The importance of having a medical professional on site has been heightened as districts work through how to reopen schools safely during the ongoing pandemic.
Gov. Eric Holcomb and state lawmakers have agreed to move forward with the current budget, he said during a scheduled video conference. That includes maintaining the planned $183 million increase in school funding.
Dr. Kristina Box on Tuesday clarified the state’s guidelines for reopening schools, which some school leaders have criticized for putting too much responsibility on individual districts.
Among the top and most costly challenges for districts will be restructuring operations to adhere to social-distancing protocols, transporting students, and hiring the additional staff to ramp up cleaning efforts.
State leaders say Indiana schools can reopen safely in the fall if they screen students and staff, create individual health plans, and maintain social distancing, according to newly released re-entry guidelines.
Indiana Gov. Eric Holcomb’s application to the U.S. Department of Education provides a look at how he will spend federal education money that was set aside for state leaders to distribute how they choose.
While other states have voiced their opposition, Indiana appears to be among the first to formally reject the idea.
The decision is expected to be made around July 4 at the earliest, Gov. Eric Holcomb said— about a month before many Indiana districts typically return.
There are growing worries among school officials that fewer students will return this fall. And in a state where funding is doled out per student, a drop in enrollment would mean an immediate financial hit to schools.
Gov. Eric Holcomb has already closed all school buildings through the end of the academic year, but has not said what the coronavirus will mean for students over the summer or next fall.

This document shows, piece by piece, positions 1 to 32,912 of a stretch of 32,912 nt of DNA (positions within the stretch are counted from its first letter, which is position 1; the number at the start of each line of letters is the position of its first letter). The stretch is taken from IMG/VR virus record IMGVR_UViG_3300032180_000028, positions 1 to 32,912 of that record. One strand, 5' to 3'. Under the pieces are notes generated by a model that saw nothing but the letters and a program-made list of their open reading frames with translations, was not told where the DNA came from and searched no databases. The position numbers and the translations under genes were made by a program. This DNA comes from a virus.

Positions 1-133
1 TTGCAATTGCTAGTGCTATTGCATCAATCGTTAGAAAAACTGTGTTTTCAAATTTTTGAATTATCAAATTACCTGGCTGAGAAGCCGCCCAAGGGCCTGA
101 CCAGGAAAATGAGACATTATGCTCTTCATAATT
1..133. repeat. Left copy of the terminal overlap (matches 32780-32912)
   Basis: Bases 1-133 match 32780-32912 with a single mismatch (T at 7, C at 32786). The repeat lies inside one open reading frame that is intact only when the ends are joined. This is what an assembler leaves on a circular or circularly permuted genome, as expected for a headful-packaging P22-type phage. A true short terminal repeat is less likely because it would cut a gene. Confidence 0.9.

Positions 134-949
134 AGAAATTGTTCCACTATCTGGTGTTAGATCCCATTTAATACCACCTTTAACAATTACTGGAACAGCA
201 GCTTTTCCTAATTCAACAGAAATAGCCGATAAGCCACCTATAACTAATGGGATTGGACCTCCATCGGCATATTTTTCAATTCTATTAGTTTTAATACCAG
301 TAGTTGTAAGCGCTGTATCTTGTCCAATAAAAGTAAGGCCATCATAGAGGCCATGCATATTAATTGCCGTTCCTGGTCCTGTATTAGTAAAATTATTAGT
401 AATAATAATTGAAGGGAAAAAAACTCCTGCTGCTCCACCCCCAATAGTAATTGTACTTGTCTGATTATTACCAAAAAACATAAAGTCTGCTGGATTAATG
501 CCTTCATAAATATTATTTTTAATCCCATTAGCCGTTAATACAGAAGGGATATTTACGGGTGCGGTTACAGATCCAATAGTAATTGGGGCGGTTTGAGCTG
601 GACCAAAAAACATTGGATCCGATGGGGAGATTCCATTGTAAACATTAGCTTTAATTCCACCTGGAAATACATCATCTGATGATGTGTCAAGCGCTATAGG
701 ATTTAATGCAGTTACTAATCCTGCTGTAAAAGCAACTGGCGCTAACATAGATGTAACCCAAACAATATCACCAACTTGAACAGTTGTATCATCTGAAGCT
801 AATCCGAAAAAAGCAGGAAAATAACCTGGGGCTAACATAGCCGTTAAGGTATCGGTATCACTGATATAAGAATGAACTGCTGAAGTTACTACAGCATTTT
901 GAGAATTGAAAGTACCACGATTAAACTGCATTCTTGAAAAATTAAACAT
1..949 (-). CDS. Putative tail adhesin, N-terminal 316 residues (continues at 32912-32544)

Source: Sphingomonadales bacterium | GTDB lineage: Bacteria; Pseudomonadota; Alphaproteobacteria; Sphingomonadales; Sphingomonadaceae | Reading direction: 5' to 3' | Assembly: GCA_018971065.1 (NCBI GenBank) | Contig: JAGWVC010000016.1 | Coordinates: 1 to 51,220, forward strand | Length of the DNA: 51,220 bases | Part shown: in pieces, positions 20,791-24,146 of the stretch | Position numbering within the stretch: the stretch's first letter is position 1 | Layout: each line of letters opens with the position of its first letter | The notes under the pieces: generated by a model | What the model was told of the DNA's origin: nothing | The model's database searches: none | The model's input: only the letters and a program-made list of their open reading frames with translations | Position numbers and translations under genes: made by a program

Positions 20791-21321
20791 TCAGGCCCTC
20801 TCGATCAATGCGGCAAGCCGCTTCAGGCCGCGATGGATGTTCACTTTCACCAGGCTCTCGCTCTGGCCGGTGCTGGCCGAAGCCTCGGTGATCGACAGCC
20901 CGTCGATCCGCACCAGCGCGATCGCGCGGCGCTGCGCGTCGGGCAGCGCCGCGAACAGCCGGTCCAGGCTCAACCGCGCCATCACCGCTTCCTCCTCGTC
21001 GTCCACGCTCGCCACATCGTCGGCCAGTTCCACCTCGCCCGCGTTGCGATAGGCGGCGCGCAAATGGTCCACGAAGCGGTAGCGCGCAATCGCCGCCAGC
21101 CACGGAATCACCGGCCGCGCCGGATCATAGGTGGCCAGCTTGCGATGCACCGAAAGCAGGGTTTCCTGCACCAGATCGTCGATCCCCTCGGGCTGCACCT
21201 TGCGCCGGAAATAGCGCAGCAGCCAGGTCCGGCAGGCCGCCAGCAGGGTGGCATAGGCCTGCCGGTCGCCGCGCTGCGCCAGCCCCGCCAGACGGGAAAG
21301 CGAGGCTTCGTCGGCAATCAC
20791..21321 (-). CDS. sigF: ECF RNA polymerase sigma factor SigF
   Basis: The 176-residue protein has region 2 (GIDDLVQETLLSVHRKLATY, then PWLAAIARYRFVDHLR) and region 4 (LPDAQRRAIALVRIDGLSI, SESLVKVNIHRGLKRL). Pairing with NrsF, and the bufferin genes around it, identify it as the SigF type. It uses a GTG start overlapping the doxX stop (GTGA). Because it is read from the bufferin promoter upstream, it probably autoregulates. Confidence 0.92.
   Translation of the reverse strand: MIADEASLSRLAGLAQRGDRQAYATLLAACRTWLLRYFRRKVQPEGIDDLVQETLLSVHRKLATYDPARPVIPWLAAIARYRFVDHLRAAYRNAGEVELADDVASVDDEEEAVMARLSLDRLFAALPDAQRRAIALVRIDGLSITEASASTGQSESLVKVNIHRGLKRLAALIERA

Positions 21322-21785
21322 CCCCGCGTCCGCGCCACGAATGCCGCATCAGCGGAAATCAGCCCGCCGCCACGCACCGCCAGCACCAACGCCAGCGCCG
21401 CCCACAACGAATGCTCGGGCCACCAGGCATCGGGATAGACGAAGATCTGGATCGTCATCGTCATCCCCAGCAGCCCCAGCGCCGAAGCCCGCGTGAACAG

Around the state, school finance experts are unsure what the coronavirus will mean for new property tax referendums to fund local schools. Fourteen districts are expected to put a referendum on the ballot in the primary.
Without a comprehensive statewide effort to get all students online during the coronavirus crisis, districts have largely been tasked with filling the gaps when it comes to computers and home internet access.
Many districts have opted to move to do three-day weeks to finish out the year, in part to give teachers time to reach out to students and prepare online lessons or paper packets.
A growing number of Indiana educators are beginning to prepare for remote instruction to go into the next academic year.
The most pressing education issue in Indiana has quickly shifted from increasing teacher salaries to mitigating how much progress students will lose with school buildings shut down through the end of the academic year.
Indiana will receive $215 million of the $13.5 billion that the federal government is handing out to states for schools as part of the COVID-19 rescue package.
All Indiana schools will close through May 1, and all state standardized tests are canceled in response to the quickly spreading coronavirus, Gov. Eric Holcomb announced on Thursday. He also said it’s possible that the closures could be extended through the end of the school year. “As we get near to May 1, we may […]
It’s up to each district to decide whether to pay hourly workers—including bus drivers, custodians, food service employees and paraprofessionals—who are typically paid only for days when students are present.
Without an exemption approved last month, most schools would have received a D or an F. That would have affected teacher’s evaluations, and therefore pay, and put many schools on the path to state intervention.
The pilot would have allowed seniors behind on credits to be counted as graduates in Indiana if they pass a high school equivalency exam and take steps toward career training.